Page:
future view

The best helmsmen work on shore

23 November 2017 • 3 min reading time

Water as a way to attain innovative and sustainable growth. This is the goal of the blue route of the National Science Agenda, in which important trends such as increased safety through autonomous shipping are key. TNO is working with many major players in the maritime sector to capitalize on the economic opportunities present in these technological developments.

It all started with Truck Platooning, in which convoys of two or more trucks drive safely and automatically with less than 10 metres of space between them. This technology has been developed to the point where it is being tested on public roads. One of the biggest challenges is devising a way to deal safely with as many unexpected scenarios as possible. “A vehicle may cut in ahead of you, traffic may suddenly slow down or the road surface may be slippery in patches”, explains Maurice Kwakkernaat of TNO. “If you’re aware of all the potential scenarios, then you can design a vehicle to be ‘streetwise’. The same applies to autonomous shipping: how do you ensure that a ship can safely handle unexpected events?”

Making autonomous shipping a reality

Autonomous shipping can make use of the expertise that has been amassed in the development of autonomous driving. But there are a number of pronounced differences. TNO’s Maurits Huisman explains: “An example that comes to mind is the IT infrastructure. At sea you simply don’t have the connectivity and bandwidth that we take for granted in terrestrial applications like in automated driving. What’s more, a big vessel is far less agile than a passenger car. This means that you have to put a lot more advance thought into resolving a situation before the various systems arrive at a safe decision. We can make this possible with tech that identifies risks in advance. It also means that operators working in shore support centres have a crucial role to play.”

Economic opportunities

As part of a TKI Dinalog project, TNO is working with ten inland shipping companies and other interested parties to identify economic opportunities. Another joint-industry project aims to demonstrate an autonomous vessel in 2018. Partners in this project are TU Delft, MARIN, TNO, a number of companies, service providers and maritime training programmes. “Parts of the technology are already in place to make autonomous shipping possible,” says Marnix Krikke, Innovation & Human Capital Director of the Netherlands Maritime Technology sector association. “But we still have choices to make before we can integrate these various elements into workable solutions. What decisions do you entrust to intelligent systems, and what do you want the human operator to do? TNO is the ideal partner for us thanks to their combined expertise in the areas of the human factor, technology, business cases and regulations.”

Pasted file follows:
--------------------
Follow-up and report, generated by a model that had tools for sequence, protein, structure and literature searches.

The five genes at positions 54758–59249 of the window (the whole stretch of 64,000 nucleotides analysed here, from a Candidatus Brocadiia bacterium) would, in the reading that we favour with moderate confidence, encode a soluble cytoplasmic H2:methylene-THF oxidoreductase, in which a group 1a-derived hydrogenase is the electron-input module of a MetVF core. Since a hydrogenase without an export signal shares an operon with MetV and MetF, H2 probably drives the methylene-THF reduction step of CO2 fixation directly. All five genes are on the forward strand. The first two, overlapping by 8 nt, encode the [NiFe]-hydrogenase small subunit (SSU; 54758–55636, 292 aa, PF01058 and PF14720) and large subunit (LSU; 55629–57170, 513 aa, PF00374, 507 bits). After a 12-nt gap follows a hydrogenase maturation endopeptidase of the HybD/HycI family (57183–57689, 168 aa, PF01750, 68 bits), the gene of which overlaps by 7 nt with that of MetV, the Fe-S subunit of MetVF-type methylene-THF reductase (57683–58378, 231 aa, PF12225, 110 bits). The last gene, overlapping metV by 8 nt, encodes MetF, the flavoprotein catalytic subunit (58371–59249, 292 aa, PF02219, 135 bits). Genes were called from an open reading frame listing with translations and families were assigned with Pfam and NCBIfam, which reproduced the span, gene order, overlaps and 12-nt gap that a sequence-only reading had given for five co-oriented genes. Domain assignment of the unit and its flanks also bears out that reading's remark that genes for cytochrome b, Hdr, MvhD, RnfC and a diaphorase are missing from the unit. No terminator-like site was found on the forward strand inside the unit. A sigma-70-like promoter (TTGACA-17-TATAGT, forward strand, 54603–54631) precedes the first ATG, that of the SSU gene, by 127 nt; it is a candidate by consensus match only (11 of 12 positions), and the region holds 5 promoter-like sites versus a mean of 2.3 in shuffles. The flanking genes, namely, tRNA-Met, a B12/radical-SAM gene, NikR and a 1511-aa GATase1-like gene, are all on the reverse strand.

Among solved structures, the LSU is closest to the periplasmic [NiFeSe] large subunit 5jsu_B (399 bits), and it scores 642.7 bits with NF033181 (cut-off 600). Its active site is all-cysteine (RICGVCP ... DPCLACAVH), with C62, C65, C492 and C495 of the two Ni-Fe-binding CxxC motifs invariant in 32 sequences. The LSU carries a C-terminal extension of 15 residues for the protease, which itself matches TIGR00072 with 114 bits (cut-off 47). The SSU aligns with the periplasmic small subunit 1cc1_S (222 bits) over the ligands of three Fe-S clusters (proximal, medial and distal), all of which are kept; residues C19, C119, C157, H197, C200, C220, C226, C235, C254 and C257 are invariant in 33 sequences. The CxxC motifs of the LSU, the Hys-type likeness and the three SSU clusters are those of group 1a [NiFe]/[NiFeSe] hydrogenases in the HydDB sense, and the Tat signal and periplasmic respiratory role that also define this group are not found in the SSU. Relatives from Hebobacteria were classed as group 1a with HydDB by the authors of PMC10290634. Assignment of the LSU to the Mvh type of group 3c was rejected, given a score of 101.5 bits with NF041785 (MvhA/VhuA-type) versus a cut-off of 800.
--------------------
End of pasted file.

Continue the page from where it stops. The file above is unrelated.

“A joint-industry project aims to demonstrate an autonomous vessel in 2018”

Phased introduction of autonomous shipping

Krikke is committed to a phased introduction of autonomous shipping. “Over the next ten years we will implement it in niches that lend themselves to this new technology, such as security for offshore windfarms and dredging operations. Coordination of activities like these can be easily managed from shore. Another potential application is in regular routes along the coast, as they’re already doing in Norway. In general, we envisage a more robust advisory role for shore-based systems, thus lightening the workload for crew and technical personnel. Software is just as good at avoiding collisions as a professional navigator studying a radar screen.”

Steering ships from shore

Shore support involves a shore-based operator controlling a number of ships. This is the most likely scenario for the future as the technology develops. Pieter Boersma of TNO elucidates: “At TNO’s facilities in the town of Soesterberg we’ve created the Control Organisation Research Environment (CORE) for simulating control rooms. We see lots of potential for the maritime sector. Moreover, market parties recognize the cost advantages of working in series. If a single operator can control five ships in convoy, then many more operations can be standardized.”

“In general, we envisage a more robust advisory role for shore-based systems, thus lightening the workload for crew and technical personnel”

Lower emissions

“Shipping companies can save fuel and decrease CO2 emissions by planning routes more accurately and by factoring in currents, the weather and sailing speed,” Huisman continues. “It goes without saying that safety is a concern for everyone involved. In fact, we must ensure that autonomous shipping is even safer than traditional navigation. To err is human, but if a system fails, we quickly lose our confidence in the technology.”

Multidisciplinary merger

In the future, automated road traffic and automated water traffic will merge. “We are experiencing a transition to many more collaborative, autonomous systems on land, at sea and in the air,” states Pieter Boersma. “It’s a transition that calls for multidisciplinary expertise. Different requirements apply to inland shipping operations than to windfarm inspections. And a hoisting operation places different demands on systems and manpower than container transhipment. It’s all customized. We invite maritime professionals, both young and old, to join us in conceptualizing the future. And of course we are also keen to get in touch with organizations that might wish to use the available technology.”


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